JReleaser 0.3.0 has been released!

Another two weeks have passed since release v0.2.0 and now I’m happy to say that release v0.3.0 is readily available! This version brings lots of improvements to existing features and adds a few more. Take special note of the breaking changes; the v0.3.0 milestone shows the full list of updates and fixes. Perhaps the most important change found in this release is the option to run JReleaser without needing a Java runtime before launching. Cross-platform Java Runtimes JReleaser 0.2.0 added an the ability to assemble cross-platform Java Runtimes with Jlink; given that JReleaser releases itself it should be no surprise Read More


JReleaser 0.2.0 has been released!

With just two weeks since its first release, JReleaser has posted its second release: 0.2.0 is here! This version is an overhaul of the whole tool across the board, as shown by the list of issues associated with the v0.2.0 milestone. There you’ll find bug fixes, small features, and big features, some of them which will be described in the following paragraphs. Auto Config Releases The original idea behind JReleaser is to publish Java binaries via several distribution channels, such as Homebrew, Snap, Scoop, etc. These distribution channels typically require downloading artifacts from a Git release page, which is why Read More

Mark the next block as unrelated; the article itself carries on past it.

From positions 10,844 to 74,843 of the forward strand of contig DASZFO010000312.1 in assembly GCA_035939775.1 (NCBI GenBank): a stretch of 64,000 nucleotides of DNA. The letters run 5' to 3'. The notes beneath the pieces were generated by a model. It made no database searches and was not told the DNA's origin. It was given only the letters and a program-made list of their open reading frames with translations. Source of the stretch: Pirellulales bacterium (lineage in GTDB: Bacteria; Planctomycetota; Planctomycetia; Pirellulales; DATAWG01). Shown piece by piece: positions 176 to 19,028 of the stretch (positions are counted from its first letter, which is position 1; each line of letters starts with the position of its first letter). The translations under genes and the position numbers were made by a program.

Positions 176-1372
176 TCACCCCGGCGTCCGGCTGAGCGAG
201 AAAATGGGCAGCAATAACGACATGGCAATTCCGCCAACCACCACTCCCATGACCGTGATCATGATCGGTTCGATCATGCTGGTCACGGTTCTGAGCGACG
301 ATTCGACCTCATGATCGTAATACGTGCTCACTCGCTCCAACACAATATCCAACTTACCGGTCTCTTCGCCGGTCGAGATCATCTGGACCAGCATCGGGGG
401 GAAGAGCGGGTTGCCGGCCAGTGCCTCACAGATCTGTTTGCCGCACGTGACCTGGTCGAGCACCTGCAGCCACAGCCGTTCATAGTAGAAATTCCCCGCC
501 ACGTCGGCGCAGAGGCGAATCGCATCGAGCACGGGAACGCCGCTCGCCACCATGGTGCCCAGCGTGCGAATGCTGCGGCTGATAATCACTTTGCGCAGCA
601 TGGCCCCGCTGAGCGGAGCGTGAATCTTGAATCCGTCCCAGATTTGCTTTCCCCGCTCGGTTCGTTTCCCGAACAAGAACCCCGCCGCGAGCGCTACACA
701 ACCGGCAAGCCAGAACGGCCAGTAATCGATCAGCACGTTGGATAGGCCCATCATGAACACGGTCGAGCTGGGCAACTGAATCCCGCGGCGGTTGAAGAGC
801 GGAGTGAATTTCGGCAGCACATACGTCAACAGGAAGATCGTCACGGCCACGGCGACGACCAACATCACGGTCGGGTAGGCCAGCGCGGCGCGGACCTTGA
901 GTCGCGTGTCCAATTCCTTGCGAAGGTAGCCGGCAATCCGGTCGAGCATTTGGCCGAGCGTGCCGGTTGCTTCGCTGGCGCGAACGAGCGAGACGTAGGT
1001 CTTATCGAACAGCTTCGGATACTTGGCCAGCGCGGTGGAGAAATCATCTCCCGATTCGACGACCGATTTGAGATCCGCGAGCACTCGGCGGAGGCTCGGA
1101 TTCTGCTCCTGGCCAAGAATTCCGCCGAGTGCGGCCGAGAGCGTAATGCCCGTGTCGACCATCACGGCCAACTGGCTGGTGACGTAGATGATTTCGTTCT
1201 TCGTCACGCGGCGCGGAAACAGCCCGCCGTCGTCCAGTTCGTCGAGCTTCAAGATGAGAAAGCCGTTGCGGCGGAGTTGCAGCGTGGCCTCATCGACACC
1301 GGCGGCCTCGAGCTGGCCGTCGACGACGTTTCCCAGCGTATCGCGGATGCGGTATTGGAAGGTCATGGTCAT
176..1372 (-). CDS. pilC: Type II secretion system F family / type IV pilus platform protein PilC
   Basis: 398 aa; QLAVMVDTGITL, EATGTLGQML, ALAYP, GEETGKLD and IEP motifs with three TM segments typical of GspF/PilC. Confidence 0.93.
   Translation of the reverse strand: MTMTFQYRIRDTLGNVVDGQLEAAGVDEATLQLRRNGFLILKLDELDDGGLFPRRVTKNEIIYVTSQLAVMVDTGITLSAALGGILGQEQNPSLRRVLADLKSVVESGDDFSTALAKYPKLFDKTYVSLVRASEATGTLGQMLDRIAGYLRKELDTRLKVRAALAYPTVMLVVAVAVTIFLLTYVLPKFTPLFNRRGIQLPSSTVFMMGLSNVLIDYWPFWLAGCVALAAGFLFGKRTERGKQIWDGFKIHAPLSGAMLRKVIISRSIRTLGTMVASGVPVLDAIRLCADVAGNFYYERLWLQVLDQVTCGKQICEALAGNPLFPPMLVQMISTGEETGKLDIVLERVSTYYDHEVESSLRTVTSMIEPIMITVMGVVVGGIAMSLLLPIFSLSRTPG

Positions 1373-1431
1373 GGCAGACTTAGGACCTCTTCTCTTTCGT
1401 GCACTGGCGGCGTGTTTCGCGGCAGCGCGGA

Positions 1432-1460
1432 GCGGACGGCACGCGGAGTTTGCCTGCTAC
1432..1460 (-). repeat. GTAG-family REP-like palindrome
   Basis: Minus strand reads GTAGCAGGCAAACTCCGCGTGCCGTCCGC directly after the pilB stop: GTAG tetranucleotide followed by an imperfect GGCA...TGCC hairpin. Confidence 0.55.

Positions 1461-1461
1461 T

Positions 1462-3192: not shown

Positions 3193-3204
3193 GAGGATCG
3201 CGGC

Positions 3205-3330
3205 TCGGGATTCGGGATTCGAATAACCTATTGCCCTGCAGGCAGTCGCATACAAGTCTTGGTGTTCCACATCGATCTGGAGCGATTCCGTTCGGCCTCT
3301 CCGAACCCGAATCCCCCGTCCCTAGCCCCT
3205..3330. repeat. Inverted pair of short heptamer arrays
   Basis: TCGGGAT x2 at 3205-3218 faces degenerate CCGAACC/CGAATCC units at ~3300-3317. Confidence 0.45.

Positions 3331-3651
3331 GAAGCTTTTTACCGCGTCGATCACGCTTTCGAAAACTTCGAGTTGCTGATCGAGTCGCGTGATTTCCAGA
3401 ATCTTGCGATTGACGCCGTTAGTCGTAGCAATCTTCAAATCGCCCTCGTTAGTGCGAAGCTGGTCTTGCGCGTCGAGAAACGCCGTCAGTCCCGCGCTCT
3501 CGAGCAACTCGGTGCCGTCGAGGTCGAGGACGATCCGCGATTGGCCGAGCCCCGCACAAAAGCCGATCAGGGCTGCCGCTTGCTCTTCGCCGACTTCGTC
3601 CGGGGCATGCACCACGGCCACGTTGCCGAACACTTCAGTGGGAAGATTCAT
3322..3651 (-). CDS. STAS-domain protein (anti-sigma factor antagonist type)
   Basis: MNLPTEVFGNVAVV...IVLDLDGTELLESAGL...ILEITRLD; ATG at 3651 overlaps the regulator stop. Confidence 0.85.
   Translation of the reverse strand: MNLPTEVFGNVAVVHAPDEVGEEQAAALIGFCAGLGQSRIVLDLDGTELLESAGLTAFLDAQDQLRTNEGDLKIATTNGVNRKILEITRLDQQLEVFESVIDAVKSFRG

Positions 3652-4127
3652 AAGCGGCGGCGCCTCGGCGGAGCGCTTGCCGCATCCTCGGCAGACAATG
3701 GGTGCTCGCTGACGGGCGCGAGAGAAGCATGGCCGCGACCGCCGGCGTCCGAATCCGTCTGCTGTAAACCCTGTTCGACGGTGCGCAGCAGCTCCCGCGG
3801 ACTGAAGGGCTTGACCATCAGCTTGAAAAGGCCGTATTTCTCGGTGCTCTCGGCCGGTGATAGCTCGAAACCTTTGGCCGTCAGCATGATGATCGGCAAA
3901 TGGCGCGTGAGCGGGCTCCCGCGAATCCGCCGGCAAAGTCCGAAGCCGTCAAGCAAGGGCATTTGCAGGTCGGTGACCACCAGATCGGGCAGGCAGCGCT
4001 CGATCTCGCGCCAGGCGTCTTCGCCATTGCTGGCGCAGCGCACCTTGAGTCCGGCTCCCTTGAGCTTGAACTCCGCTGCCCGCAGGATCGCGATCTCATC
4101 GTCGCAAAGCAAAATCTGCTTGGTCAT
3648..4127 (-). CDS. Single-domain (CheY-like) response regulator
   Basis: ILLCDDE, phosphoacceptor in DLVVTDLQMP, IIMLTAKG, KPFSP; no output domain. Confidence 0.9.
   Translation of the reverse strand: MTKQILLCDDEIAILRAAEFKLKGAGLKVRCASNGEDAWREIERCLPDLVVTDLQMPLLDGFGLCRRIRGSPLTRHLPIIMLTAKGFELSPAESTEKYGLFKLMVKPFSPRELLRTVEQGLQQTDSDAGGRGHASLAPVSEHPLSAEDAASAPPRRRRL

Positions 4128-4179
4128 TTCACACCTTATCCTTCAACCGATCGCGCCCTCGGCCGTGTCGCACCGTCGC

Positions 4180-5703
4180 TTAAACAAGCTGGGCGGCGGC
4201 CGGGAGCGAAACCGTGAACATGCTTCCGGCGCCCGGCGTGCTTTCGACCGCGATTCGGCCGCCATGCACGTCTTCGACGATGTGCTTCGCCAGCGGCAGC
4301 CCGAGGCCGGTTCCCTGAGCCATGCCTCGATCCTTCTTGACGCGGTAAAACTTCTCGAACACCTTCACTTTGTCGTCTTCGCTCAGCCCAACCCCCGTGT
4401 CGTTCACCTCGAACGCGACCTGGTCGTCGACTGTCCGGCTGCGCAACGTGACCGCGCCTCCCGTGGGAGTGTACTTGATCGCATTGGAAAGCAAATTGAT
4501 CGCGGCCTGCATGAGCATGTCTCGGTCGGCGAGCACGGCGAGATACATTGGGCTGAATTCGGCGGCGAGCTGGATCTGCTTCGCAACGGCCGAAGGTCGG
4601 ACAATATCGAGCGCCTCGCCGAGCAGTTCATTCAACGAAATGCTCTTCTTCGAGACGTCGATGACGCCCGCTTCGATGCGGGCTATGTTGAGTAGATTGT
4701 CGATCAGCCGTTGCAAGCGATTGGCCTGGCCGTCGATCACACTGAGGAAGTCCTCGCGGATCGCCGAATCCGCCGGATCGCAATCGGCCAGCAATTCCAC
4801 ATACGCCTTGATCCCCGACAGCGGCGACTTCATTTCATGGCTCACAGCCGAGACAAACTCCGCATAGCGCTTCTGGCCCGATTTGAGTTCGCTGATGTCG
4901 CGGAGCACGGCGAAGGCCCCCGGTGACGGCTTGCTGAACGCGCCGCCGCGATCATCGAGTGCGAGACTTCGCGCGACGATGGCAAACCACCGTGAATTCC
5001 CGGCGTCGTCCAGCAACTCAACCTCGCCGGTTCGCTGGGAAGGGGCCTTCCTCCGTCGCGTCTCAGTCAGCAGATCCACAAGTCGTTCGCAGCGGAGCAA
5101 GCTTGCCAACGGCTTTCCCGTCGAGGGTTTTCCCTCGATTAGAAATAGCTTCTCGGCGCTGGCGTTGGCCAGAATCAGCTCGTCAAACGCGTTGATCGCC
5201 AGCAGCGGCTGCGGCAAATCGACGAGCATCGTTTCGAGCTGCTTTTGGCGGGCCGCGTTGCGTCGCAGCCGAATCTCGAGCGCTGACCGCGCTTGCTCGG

JReleaser says hello!

I’m beyond ecstatic to announce that JReleaser has finally posted its first release! JReleaser 0.1.0 is readily available, you can find more about this tool at https://jreleaser.org. So what is JReleaser? In just once sentence: the quick and effortless way to release your Java project! For 2 decades we have relied on Maven Central as the de facto place for publishing JARs, however options for publishing binary distributions (such as Zip and Tar) abound, often times tied with specific platforms such as Homebrew for Mac, Snapcraft for Linux, and Scoop for Windows, among others. JReleaser’s goal is to lower the Read More


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